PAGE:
So what did I hear? What did I somehow miss? Moreover, what did I wish I heard?

What I heard…

In our discussions about online learning, we have to put pedagogy central and first, and not technology.

The first of the five presenters in the opening plenary of the conference, Laura Czerniewicz (University of Cape Town) posed, at least for me, the most…

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Tim Unwin's Blog

group-smallThe ITU is preparing a new book, provisionally to be entitled “ICT4SDGs: Economic Growth, Innovation and
Job Creation” in advance of the WTDC meeting in Buenos Aires in October 2017 http://www.itu.int/net/events/eventdetails.asp… . This has been explored in some detail over the last two days at a fascinating discussion convened in Geneva.

sdg-groupI have been invited to lead on a 6,000 word chapter, provisionally entitled “Sustainability in Development: Critical Elements” that has an initial summary as follows: “the chapter identifies how ICTs engage with the sustainability agenda and the various elements of the ecosystem (such as: education, finance/capital, infrastructure, policy, market, culture/environment, opportunities) and the stakeholders that are indispensable for ensuring resilient and sustainable development activities in developing countries in spite of some chronic shortages coupled with fast changing and fluid situations that can negatively hamper the efforts”.

I want this chapter very much to be a collective, bottom-up effort, and…

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excellent reflection! the problem of quick fixes and being ruled only by analytics and tunnel vision…this is the reason, I appreciate so much the Finnish model…

A Manifesto for Digital Messiness

It’s not just cities, politics and civic life that suffer from an excess of technological determinism and techno-utopian visions. In education, too, ‘digital by default’ thinking tends to dominate decision-making, and technology is frequently looked at as either a cause of, or a solution to, many apparent ‘problems’ in schools, and in further, higher and continuing education.

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DFID financing education in Punjab, requiring to be further investigated and properly evaluated on the field.

Tim Unwin's Blog

Shia TretOne of the most interesting aspects of my visit to Pakistan in January this year was the informal, anecdotal information that I gathered about educational change in the Punjab, and in particular DFID’s flagship Punjab Education Support Programme II.  I should declare right at the beginning here that I used to work for DFID (between 2001 and 2004), and I am a member of their Digital Advisory Panel.  I have many friends in the Department, and I admire much of the work that they do.  I was therefore indeed shocked by what I was told and what I summarise below.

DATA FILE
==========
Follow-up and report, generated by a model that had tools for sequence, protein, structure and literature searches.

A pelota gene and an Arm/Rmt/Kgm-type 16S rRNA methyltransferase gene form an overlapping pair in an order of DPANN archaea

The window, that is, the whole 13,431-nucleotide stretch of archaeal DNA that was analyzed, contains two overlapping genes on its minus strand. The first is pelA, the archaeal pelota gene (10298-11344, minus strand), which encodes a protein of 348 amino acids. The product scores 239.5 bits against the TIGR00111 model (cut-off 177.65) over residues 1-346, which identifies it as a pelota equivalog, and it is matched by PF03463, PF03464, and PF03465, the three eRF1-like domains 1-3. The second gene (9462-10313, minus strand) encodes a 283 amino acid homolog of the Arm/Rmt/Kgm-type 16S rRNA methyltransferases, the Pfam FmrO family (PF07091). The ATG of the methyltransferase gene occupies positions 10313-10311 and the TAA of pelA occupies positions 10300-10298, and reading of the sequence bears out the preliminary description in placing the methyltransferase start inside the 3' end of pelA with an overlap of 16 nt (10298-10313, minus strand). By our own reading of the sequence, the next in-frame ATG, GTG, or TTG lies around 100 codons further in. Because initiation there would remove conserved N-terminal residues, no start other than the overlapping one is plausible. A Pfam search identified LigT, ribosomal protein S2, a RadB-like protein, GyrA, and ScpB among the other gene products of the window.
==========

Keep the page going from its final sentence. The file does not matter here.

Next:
When ever the subject of this particular programme came up in conversation in Pakistan, it was always greeting with severe criticism, even derision.  Most of my conversations were with educationalists, academics, landowners, and rural people in the Punjab.  I have not shared these comments before, because they were indeed…

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Horizon 2020 Open Access guidelines. Thanks for sharing, Veronica.


Open Wires

Created by Libby Levi for opensource.com

This topic I experienced that our PBL group has a lot of own experience to share with the rest of the group and that´s real interesting to take part of and to have a more “direct” use in. But I also yhink, as the scenario tells us, many people are afraid of use and share and publish, and get a feeling of loneliness with this, while they give up. That´s a sad situation. Cause using these sources of OER has so many potentials, benefits like saving money, a shared possibility to develop new and productive ideas, get a lots of help from each other, teamwork and collaborating, you have to communicate in any kind of way, I think it’s a good way to get a picture of how creative the learners are and how much the collaborate and help each other, the “classroom is…

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To hope and new possibilities… “As we’ve seen with the horrific experience of jelly babies, sometimes, women give birth to the traumas they’ve experienced. And sometimes, if given support (and even sometimes without it) they give birth to a new life, to fresh possibilities. For this International Women’s Day, I celebrate the resilience and strength of our Marshallese women.”

Kathy Jetnil-Kijiner

*originally published on The Elders website to coincide with a blog post by Mary Robinson, former Ireland president and climate activist, for International Women’s Day. 

Here in the Marshall Islands, International Women’s Day immediately follows a national holiday. On March 1, Nuclear Victims Remembrance Day commemorates the legacy of US nuclear testing on our islands. As these two events collide, I find myself wrestling with connections between gender, international power, nuclear legacies, climate change, and lost land.

From 1946 to 1968, 67 nuclear weapons were detonated, which is the equivalent of 1.7 Hiroshima bombs being exploded daily for 12 years in terms of radiation exposure. Just the Bravo shot alone, a 15-megaton hydrogen bomb, was 1,000 times more powerful than the atomic bomb that was dropped on Hiroshima.

Women disproportionally bear the burden of the trauma their society has been exposed to – in this case, they bear the burden…